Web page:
The resurgent campaigns of Ubaldo Jimenez and Scott Kazmir played a significant part in why the Indians won 92 games and made it to the American League Wild Card game, but the club will likely have some rotation holes to fill this winter. Paul Hoynes of the Cleveland Plain Dealer reports that “little progress” has been made in negotiations with either pitcher and believes that they will find better offers elsewhere.
Jimenez already declined his part of an $8 million mutual option with the Indians and is expected to turn down a one-year, $14.1 million qualifying offer before Monday’s deadline. The 29-year-old right-hander was a mess during most of his time in Cleveland, but he’s understandably looking to cash in after some mechanical changes resulted in a 1.82 ERA and 100/27 K/BB ratio in 84 innings after the All-Star break.
Kazmir was one of the biggest surprises of the 2013 season, returning from obscurity to post a 4.04 ERA and 162/47 K/BB ratio over 158 innings while showing his best fastball velocity since he was a member of the Rays. He doesn’t turn 30 until January and hopes to parlay his bounce-back season into a multi-year deal. Meanwhile, the Indians don’t want to go beyond one year.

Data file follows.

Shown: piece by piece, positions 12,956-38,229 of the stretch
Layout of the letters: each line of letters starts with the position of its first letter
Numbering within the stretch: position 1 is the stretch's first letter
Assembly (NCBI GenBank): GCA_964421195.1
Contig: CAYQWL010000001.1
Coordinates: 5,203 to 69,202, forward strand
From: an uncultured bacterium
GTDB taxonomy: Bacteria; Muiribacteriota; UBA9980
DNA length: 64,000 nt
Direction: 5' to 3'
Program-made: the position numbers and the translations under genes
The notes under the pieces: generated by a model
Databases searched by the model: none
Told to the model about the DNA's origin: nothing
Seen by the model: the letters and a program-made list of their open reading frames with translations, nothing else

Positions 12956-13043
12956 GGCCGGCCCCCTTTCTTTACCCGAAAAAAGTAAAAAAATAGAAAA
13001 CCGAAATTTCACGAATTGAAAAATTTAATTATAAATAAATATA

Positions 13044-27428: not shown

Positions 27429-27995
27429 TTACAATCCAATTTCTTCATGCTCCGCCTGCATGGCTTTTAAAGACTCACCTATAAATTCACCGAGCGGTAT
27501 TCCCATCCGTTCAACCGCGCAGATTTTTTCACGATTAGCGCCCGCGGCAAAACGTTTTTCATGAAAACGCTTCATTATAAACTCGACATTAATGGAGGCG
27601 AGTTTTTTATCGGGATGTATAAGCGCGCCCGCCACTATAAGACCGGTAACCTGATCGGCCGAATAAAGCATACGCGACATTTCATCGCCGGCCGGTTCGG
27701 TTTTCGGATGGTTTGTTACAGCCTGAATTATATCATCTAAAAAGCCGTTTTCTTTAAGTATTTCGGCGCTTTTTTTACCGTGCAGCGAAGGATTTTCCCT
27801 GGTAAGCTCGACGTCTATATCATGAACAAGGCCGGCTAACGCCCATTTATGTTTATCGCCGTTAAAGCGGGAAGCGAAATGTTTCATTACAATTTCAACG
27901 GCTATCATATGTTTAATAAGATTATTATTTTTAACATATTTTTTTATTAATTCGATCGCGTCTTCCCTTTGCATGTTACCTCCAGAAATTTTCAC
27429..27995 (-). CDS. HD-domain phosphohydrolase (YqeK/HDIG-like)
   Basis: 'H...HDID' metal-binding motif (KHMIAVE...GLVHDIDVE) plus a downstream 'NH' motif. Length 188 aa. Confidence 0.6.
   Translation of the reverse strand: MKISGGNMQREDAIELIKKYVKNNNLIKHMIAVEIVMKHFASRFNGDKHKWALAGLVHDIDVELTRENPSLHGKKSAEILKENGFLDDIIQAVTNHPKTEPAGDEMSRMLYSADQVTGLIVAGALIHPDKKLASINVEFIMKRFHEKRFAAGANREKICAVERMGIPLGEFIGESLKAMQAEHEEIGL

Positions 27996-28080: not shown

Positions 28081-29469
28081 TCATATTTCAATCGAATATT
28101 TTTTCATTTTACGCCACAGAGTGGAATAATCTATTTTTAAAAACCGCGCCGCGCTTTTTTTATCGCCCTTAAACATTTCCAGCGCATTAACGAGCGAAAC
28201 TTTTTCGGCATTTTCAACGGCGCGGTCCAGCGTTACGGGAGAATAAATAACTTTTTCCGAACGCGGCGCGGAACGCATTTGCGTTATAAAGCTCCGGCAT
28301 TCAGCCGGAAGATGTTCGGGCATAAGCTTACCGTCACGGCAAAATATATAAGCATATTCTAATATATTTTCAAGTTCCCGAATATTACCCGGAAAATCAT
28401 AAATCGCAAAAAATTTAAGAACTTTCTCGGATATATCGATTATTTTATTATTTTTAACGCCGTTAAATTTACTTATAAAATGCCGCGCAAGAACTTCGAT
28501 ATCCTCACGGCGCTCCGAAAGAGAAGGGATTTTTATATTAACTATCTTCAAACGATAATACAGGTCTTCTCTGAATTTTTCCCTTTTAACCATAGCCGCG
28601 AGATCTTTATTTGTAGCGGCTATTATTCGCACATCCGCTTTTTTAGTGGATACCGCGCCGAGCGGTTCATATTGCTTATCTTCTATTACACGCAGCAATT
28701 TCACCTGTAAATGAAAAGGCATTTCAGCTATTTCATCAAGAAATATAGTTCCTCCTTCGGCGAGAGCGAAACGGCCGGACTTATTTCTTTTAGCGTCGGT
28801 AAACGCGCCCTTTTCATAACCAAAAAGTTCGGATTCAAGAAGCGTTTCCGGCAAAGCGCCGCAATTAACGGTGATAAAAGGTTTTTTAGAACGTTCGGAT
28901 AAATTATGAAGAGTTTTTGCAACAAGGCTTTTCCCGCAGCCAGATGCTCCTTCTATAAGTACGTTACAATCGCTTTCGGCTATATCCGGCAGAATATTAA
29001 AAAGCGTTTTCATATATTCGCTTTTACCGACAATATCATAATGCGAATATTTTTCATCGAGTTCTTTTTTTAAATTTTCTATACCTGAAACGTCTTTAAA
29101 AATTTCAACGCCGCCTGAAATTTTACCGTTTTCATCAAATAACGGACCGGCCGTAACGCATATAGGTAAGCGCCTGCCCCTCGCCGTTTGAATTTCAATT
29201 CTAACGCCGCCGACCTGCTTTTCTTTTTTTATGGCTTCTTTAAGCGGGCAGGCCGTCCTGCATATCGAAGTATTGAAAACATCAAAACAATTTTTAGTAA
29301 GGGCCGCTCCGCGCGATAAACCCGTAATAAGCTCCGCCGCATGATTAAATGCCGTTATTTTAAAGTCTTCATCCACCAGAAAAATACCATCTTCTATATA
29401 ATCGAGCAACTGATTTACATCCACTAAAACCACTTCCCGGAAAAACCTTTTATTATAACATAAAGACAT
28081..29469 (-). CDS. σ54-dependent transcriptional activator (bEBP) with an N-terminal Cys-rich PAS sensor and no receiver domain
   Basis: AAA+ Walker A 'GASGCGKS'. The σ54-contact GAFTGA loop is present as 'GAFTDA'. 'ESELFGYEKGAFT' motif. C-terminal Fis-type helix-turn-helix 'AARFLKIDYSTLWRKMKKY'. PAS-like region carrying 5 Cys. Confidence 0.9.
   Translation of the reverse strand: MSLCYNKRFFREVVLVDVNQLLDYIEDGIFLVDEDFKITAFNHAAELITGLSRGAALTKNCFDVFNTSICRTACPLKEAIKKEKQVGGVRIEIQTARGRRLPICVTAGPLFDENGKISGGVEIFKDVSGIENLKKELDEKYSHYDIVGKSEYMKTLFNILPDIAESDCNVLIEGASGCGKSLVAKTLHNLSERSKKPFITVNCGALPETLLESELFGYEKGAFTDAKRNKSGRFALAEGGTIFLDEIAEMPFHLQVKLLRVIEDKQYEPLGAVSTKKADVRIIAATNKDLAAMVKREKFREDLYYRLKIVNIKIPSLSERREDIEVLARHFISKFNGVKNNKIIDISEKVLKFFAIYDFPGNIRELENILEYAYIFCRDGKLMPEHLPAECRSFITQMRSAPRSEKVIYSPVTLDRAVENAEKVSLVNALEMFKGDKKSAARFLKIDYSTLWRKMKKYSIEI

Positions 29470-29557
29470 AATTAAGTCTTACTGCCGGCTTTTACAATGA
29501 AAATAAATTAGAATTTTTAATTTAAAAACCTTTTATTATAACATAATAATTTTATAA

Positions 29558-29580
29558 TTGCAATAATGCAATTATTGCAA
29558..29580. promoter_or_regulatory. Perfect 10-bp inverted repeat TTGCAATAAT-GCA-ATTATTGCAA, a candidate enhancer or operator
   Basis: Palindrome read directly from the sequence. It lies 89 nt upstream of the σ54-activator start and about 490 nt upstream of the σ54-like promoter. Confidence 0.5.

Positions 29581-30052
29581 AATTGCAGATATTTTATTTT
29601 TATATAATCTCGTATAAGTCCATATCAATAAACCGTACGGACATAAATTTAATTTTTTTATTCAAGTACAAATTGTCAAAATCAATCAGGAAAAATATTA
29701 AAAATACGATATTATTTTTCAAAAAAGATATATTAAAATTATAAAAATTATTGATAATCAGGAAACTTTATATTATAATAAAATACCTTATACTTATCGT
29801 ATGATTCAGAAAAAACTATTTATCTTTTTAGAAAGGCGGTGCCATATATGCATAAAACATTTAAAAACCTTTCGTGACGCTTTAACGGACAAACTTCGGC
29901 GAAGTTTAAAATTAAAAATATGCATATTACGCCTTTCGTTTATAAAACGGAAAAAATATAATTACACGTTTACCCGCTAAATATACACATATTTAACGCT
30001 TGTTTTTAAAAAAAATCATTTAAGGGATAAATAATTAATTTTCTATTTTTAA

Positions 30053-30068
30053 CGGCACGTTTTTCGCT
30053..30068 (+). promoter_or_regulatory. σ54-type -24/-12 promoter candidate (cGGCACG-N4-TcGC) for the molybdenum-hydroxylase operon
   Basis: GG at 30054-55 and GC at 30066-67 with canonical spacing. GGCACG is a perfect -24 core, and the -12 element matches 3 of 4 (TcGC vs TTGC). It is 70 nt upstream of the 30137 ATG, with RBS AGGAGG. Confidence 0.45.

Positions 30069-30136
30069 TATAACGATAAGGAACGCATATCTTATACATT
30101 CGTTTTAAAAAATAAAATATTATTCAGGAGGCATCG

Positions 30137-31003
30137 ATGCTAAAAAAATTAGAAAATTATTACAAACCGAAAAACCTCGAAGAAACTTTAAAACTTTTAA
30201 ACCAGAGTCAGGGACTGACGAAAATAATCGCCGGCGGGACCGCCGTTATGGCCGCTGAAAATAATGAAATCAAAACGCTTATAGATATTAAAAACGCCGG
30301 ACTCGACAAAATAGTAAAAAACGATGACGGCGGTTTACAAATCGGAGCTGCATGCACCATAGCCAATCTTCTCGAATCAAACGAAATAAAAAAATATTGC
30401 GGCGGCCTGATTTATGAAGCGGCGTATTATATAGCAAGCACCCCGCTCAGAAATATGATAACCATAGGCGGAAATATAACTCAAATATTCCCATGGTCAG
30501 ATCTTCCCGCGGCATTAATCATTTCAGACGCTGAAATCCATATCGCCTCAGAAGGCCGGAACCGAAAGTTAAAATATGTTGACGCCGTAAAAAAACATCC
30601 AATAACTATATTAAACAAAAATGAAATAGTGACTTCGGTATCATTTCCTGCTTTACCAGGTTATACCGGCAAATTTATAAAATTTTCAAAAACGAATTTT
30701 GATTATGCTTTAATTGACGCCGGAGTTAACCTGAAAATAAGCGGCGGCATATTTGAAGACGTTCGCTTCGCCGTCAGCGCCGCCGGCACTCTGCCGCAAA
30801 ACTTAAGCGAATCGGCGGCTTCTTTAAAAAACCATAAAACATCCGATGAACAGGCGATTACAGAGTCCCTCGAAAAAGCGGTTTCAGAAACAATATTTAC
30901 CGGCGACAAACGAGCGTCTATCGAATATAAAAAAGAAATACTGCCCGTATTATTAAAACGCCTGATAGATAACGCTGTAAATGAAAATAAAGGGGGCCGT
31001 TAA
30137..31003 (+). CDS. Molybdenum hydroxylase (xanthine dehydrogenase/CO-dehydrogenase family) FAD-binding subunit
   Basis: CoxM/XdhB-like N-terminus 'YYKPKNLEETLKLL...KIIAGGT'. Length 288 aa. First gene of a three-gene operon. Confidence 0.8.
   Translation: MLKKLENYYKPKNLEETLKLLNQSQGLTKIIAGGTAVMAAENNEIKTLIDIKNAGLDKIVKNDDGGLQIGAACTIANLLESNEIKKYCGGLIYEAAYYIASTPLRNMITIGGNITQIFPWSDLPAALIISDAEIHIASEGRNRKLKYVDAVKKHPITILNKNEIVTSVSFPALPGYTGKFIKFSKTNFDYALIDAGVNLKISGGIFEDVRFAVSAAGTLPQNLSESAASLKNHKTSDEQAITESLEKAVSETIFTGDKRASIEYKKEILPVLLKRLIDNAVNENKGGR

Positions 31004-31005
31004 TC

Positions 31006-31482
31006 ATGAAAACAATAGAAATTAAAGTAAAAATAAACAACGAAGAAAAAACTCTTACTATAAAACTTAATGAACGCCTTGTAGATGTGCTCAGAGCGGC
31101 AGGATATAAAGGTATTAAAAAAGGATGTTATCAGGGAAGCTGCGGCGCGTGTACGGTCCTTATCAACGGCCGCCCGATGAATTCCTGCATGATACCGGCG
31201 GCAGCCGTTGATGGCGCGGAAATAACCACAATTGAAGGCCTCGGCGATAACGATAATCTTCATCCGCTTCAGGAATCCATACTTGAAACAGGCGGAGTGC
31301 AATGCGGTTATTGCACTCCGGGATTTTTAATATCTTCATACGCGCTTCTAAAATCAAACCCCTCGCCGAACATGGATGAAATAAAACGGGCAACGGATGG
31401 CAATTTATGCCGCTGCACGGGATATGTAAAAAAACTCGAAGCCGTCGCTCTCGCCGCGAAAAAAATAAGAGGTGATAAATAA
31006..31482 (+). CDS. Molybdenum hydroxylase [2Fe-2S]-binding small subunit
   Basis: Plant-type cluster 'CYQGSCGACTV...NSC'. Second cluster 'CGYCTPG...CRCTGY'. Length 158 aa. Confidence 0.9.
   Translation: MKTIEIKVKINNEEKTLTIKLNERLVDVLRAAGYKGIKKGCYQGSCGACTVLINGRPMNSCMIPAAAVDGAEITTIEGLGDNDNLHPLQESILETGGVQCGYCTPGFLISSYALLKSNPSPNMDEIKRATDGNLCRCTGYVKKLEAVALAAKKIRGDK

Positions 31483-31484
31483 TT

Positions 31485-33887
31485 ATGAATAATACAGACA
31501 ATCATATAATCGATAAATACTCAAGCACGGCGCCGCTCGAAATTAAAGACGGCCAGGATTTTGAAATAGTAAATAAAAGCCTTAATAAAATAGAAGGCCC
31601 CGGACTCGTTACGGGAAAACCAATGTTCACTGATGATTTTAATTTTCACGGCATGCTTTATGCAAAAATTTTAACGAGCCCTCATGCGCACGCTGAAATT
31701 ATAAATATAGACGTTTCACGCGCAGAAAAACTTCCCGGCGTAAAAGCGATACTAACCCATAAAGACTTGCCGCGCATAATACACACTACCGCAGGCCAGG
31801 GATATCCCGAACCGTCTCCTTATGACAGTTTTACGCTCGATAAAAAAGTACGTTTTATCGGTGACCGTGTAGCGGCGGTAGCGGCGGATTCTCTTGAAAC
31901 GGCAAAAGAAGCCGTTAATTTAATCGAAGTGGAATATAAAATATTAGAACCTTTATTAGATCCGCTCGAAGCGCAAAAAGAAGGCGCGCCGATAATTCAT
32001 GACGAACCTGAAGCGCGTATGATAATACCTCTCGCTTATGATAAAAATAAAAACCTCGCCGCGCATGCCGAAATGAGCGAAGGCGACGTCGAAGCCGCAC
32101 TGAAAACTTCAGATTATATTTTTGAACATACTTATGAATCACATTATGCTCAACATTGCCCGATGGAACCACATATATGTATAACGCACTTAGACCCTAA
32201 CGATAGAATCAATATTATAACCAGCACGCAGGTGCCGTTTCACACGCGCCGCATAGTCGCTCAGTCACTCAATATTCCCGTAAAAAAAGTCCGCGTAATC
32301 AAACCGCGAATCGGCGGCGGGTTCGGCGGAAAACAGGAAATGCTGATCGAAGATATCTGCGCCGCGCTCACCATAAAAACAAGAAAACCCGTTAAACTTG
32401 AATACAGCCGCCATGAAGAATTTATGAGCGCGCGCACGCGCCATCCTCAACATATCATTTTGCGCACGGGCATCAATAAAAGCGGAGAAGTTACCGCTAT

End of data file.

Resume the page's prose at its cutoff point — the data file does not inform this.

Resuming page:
There could also be some changes in Cleveland’s bullpen, as Hoynes speculates that relievers Joe Smith and Matt Albers are unlikely to return in 2014.
At the end of January, the Nationals signed relievers Joe Nathan and Matt Albers. Today the Nationals have released Joe Nathan and Matt Albers.
Nathan, 42, pitched in just ten games last year, totaling only six and a third innings, between the Giants and the Cubs. He missed the entire 2015 season except for one third of an inning on Opening Day. Albers pitched in 58 games for the White Sox last year, posting an unsightly 6.31 ERA He pitched wonderfully in 30 games in 2015 however.
This spring Nathan and Albers pitched in more games than any other Nats relievers. Twelve for Nathan, ten for Albers. And they pitched well, with Nathan giving up five earned runs and Albers none. Apparently, however, there just isn’t room on the roster for those two.
This could be the end of the line for Nathan, a 16-year veteran with 377 career saves.
The substance of the report is not shocking. Francisco Lindor is one of baseball’s brightest young stars and the Cleveland Indians would, no doubt, wish to lock him up for an extended period of time. The surprising part is the guy who reported that, yes, the Indians are working to get Lindor a seven-year extension.
That guy: six-year-old Brody Chernoff, son of Indians general manager Mike Chernoff. Brody was invited into the team’s broadcast booth during the ninth inning of their game against the Chicago White Sox. Indians announcer Tom Hamilton asked, no doubt jokingly, if his working on anything interesting. Brody:
“He’s trying to get, um, Lindor to play for seven more years,”
Again, not shocking. It would’ve been way worse if Brody had said “Dad’s working on a three-way deal that’ll send Naquin to an NL team in order to affect a three-way trade that’ll land us Verlander without having to deal directly with a divisional rival.” But I imagine Dad still would’ve preferred he not mention that.